Since it is the first poem in Romancero gitano, 1924-1927 (1928; The Gypsy Ballads of García Lorca, 1951, 1953), “Ballad of the Moon, Moon” sets the tone and also signals the role of the moon and other natural elements in the book. The moon appears in the smithy (gypsies were often blacksmiths) dressed as a woman, wearing a bustle of white lilies (suggested by the moon’s whiteness), and she begins a lascivious dance in front of a little boy left in the shop by his parents. García Lorca renders the spell cast on the boy through rhyme and repetition: “The boy stares and stares at her./ The boy keeps staring hard.” Captivated, the boy warns the moon that she must flee before the gypsies return or they will chop her up for necklaces and silver rings, typical gypsy jewelry. The words that he uses to caution the moon are incantatory, “Run away, moon, run away, moon.”
The moon, however, refuses to be frightened and answers the boy with her own prediction: When the gypsies come, they will find you on the anvil with your tiny eyes shut. Enthralled, the boy draws near. A rider is heard galloping across the plain, and in the smithy the boy’s eyes are shut. The moon gives way to the sound of dry hooves pounding on the ground, which suggests death.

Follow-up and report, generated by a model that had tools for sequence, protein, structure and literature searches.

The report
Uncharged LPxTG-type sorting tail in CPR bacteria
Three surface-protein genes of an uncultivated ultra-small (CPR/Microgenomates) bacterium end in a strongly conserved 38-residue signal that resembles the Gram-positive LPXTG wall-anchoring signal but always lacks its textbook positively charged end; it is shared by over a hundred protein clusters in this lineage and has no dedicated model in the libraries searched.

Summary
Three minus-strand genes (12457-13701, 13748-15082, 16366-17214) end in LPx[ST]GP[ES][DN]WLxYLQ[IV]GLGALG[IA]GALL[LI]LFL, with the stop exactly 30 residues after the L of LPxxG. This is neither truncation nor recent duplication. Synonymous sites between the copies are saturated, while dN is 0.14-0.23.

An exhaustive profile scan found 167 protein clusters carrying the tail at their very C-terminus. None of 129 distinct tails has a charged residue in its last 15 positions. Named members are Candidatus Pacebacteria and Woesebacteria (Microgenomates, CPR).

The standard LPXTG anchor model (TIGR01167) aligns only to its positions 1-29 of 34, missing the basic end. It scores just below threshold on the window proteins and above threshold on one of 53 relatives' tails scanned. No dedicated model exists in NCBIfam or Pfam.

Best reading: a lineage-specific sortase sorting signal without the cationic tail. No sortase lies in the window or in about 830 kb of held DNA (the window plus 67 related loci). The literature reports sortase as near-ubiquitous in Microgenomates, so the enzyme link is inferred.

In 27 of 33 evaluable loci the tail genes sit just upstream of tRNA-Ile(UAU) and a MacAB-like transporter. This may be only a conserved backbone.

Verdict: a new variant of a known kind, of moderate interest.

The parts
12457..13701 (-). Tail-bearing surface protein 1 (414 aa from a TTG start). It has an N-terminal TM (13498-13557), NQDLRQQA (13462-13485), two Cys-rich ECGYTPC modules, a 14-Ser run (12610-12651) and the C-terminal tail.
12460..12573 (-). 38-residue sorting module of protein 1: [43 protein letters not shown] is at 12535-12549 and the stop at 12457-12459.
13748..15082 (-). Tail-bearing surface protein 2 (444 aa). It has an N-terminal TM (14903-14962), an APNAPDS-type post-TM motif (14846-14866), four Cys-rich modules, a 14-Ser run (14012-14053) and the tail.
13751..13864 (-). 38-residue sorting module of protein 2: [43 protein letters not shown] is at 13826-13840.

The gypsies return through the olive groves, their bronze faces also under the spell of the moon. A barn owl hoots, and through the sky goes the moon, taking a boy by the hand. The boy’s body lies inside the smithy, but his spirit has gone with the moon. The gypsies, upon discovering their loss, commence to wail and shout. Outside, the air, this time a sympathetic element of nature, watches over them.
There are many stories in Greek and Roman mythology of the moon descending to the earth to capture a young man and take him away. The most famous case is the handsome Greek shepherd Endymion, whom the moon goddess found irresistible. Thus did García Lorca create a modern mythology for his gypsies, weaving strands of ancient tales and local Andalusian culture.